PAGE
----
McKelvie and colorist Matthew Wilson create slick, glossy, hyper-real comics. See for yourself in the imagery from the comic’s own dedicated Tumblr.

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4. Photobooth: A Biography

By Meags Fitzgerald
Conundrum Press

Everything you've ever wanted to know about photobooths.

The photobooth, once a staple of amusement parks, bus stations, bars, and arcades, has lost its place in today’s world of constant selfie-taking. The ones you still see usually print digital photos rather than the old-fashioned kind that used chemicals. Digital photobooths are cleaner, cheaper, and chemical-free, but like many things today, they lack in quality and archival longevity.

Meags Fitzgerald is among a dwindling group of chemical photobooth fans who are desperate to keep these machines from disappearing. To chronicle their history and culture, she has written and illustrated Photobooth: A Biography, a dense and wordy graphic novel that is part well-researched history and part journal of personal obsession.

This is Fitzgerald’s first book, and while it may be considered more illustrated prose than sequential art, the drawings themselves exhibit a pleasing range of styles from quaint and outsiderish to realistic pencil renderings.

Read more about the book at its official website, www.photoboothabiography.com

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Comic: Hake's. Background: iStock.
When Superman Fought Xenophobia in a 1949 Comic
Comic: Hake's. Background: iStock.
Comic: Hake's. Background: iStock.

A vintage comic book-style illustration that shows Superman lecturing a group of students on the values of tolerance has circulated widely on social media. “And remember, boys and girls, your school—like our country—is made up of Americans of many different races, religions and national origins,” Superman says with a wag of his finger, “So… If YOU hear anybody talk against a schoolmate or anyone else because of his religion, race or national origin—don’t wait: tell him THAT KIND OF TALK IS UN-AMERICAN. Help keep your school All American!”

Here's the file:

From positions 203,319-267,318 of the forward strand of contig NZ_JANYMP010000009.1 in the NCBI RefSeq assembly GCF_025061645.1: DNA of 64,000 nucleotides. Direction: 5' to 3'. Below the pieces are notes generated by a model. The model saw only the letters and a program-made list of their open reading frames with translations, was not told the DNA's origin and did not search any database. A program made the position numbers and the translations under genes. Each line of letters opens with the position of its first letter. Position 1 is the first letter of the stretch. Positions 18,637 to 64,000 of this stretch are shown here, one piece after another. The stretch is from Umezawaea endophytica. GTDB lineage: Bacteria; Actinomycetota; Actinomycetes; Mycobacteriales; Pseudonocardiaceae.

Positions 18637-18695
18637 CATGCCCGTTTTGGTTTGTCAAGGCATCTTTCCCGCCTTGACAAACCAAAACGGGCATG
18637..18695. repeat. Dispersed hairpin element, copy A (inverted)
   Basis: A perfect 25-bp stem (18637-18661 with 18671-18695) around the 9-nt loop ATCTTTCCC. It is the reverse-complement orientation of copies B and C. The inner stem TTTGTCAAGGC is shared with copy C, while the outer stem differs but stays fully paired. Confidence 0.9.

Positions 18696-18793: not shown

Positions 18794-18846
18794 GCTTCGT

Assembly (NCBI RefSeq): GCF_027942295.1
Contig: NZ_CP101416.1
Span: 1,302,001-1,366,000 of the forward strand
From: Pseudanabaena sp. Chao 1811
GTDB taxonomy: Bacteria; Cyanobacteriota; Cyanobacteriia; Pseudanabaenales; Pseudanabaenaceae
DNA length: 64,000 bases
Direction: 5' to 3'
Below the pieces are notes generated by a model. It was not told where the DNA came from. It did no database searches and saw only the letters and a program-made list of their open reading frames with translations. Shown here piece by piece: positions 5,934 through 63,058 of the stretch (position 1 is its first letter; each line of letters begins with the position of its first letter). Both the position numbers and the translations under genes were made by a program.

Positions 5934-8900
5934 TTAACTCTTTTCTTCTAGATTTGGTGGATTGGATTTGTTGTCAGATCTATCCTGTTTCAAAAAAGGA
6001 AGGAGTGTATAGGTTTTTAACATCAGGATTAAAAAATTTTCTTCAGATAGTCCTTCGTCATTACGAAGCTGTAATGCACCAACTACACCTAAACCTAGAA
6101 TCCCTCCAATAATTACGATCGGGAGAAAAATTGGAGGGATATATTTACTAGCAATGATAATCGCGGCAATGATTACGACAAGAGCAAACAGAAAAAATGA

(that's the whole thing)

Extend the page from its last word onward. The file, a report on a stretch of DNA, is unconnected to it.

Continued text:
The illustration is authentic. It was drawn by Superman comic book artist Wayne Boring around 1949, and it was stamped on a protective schoolbook cover (one of which recently sold at auction for $805) and a poster. But the comic is more than a quaint piece of Americana; it’s a relic from a largely forgotten nationwide tolerance movement that swept the country for more than a decade. Powerful people in government also suspected Superman’s brand of patriotism was ... anti-American propaganda.

THE TOLERANCE MOVEMENT

During the 1940s, America basically underwent a nationwide sensitivity training program. Zoe Burkholder, a historian of education, writes in the Harvard Educational Review that a “forced tolerance” movement had begun frothing a decade earlier as educators feared that scientific racism—the pseudoscientific “Master Race” theories brewing in Germany—could waft overseas.

Educators deliberated how, and if, they should teach students to accept racial, cultural, and religious differences. After all, the ethnic makeup of America was quickly changing. The first wave of the Great Migration saw nearly 2 million African Americans move north and west to cities. While most classrooms remained segregated, even the whitest schools were increasingly mixed with the children of different immigrant groups.

In 1938, the New York City Board of Education began requiring students to learn about how multiple groups contributed to American history. When World War II erupted one year later, the demand for tolerance education spiked. The New York Times reported in 1939 that "Instances were cited of teachers in New York City and elsewhere being 'ridiculed, harassed and otherwise impeded' by pupils under the influence of, and stimulated by, Nazi doctrine." To nip foreign propaganda in the bud, schools across the country joined the tolerance movement. Military leaders encouraged it, too. They knew that American troops, many of them fresh out of school, would fight their best if they learned to set aside their differences.

Countless non-profit groups, many of them interreligious, led the charge. Burkholder writes that “Religious leaders, educators, and politicians stressed tolerance as a central tenet of democracy." They provided prejudice-fighting materials to schools, from teachers’ manuals to comic books to textbooks.

Outside of school, short pro-tolerance films played at the beginning of movies. People held tolerance rallies. The National Conference of Christians and Jews distributed 10 million “Badge of Tolerance” buttons. Groups such as the Council Against Intolerance in America distributed maps showing the breadth of diversity in America’s cultural landscape. Even Superboy stepped in, telling a bunch of his schoolmates that “No single land, race or nationality can claim this country as its own.” At the end, Superboy and his pals celebrate by eating Swedish meatballs.

The Superman comic that went viral was the handiwork of one tolerance organization: the Institute for American Democracy. Led by an Episcopalian priest, the Institute’s lineup of leaders resembled a walk-into-the-bar joke: Among its officers were a Catholic bishop, a rabbi presiding over the Synagogue Council of America, and labor movement honchos. The Institute’s goal was to “blanket the nation with poster, billboard, cartoon, and blotter advertising—expertly planned to ‘sell’ the American public a greater appreciation of the American Creed.”